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Music For Kids By Kids
Introduction
As many know, music, though infinitely rewarding, can be difficult to learn to do well and with skill. Some consider it to be the most complex thing we do as human beings, certainly more difficult than learning brain surgery or rocket science. Music is full of abstract symbols and concepts. It demands very sophisticated hand, eye and body coordination. It requires that we learn how to think, see, feel, hear and move in entirely new ways. It requires tremendously subtle and simultaneous mental, physical and emotional control. But if it becomes part of us early enough, it will be our friend, our inspiration, and our comfort for the rest of our lives.  In this book I address specifically the issues around beginning private piano instruction for the 6-12 year-old child. I do not discuss, except in general terms, music education for the preschool child or adult.

Though the ideas presented herein are the product of my own 30 years of experience as a piano teacher, they reflect and reiterate the ideas of the great educators of this century - Piaget, Montessori, and Suzuki, to name a few.  These start with the premise that young children are by nature imaginative, passionate and creative. That they are all artistically and musically "gifted". That if these gifts are nurtured and encouraged early on, they will flower and if not, they will eventually wither.Parental expectations, peer group pressures, rigid learning formats in school, over-scheduling and lack of free time, a competitive culture that values material gain over spiritual fulfillment, and numerous other elements combine to create an inner closing down and self-con-sciousness that gradually inhibits the child's joy of self-expression, so that by high school it is almost nonexistent, (or very narrowly channeled at best).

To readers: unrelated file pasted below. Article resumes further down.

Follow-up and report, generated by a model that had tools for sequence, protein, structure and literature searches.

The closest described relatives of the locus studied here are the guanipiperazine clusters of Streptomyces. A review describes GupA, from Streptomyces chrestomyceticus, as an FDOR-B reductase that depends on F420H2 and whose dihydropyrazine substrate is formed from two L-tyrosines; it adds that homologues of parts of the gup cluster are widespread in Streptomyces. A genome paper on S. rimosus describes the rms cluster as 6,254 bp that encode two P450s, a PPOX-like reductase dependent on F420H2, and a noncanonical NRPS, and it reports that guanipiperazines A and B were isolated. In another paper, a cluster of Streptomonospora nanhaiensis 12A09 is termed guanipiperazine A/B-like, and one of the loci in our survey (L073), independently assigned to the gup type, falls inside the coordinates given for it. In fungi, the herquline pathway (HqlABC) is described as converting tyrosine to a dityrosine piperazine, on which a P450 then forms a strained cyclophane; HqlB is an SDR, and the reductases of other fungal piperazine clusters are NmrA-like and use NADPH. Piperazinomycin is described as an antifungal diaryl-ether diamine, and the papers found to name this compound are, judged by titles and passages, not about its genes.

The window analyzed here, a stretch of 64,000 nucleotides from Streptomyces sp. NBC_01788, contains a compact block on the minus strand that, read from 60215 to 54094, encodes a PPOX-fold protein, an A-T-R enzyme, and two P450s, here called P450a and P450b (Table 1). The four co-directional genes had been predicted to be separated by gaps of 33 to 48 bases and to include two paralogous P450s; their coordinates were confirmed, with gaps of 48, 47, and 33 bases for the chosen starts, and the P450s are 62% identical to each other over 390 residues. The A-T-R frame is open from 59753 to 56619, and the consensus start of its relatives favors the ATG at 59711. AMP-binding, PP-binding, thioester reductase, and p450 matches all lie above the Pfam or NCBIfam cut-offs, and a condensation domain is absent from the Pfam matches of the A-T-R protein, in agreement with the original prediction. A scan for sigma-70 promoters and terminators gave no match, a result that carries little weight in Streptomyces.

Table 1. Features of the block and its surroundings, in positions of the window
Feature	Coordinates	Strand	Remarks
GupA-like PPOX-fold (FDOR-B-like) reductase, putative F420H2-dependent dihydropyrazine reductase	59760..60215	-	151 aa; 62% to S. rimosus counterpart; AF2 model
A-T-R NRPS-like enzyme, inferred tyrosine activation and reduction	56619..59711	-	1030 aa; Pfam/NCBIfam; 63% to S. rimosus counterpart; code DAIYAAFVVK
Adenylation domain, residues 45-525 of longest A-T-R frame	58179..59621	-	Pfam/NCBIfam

Hence, the ubiquitous adult longing for reconnection to one's "inner child".

True learning is motivated and facilitated by joy and passion. Force-feeding, blame, guilt, punishment, nagging, reprimands, rigidity and manipulation are the enemies of learning. The majority of kids don't make it through the first year or two of piano lessons and often it is the most talented ones who drop out earliest. In spite of the relatively humane and enlightened view of education that has arisen in modern times, I see all too often the "damaged goods" in the form of children and adults who have somehow survived mostly negative conditioning with their passion for music intact. Some have been severely handicapped emotionally and musically, though with patience and in time even they can blossom.

There are good teachers out there, but not nearly enough, and the support systems in the form of parental attitudes and commitment, educational materials, community opportunities, and cultural reinforcement are sadly lacking.

I have written this guidebook to help avert further human disasters in the area of piano instruction.

I have found that by fostering a learning atmosphere free of negativity, engaging the right kind of support from parents, encouraging participation in community and school performing arts activities, carefully choosing teaching materials, and following the student's passion, a happy musician can indeed be "grown".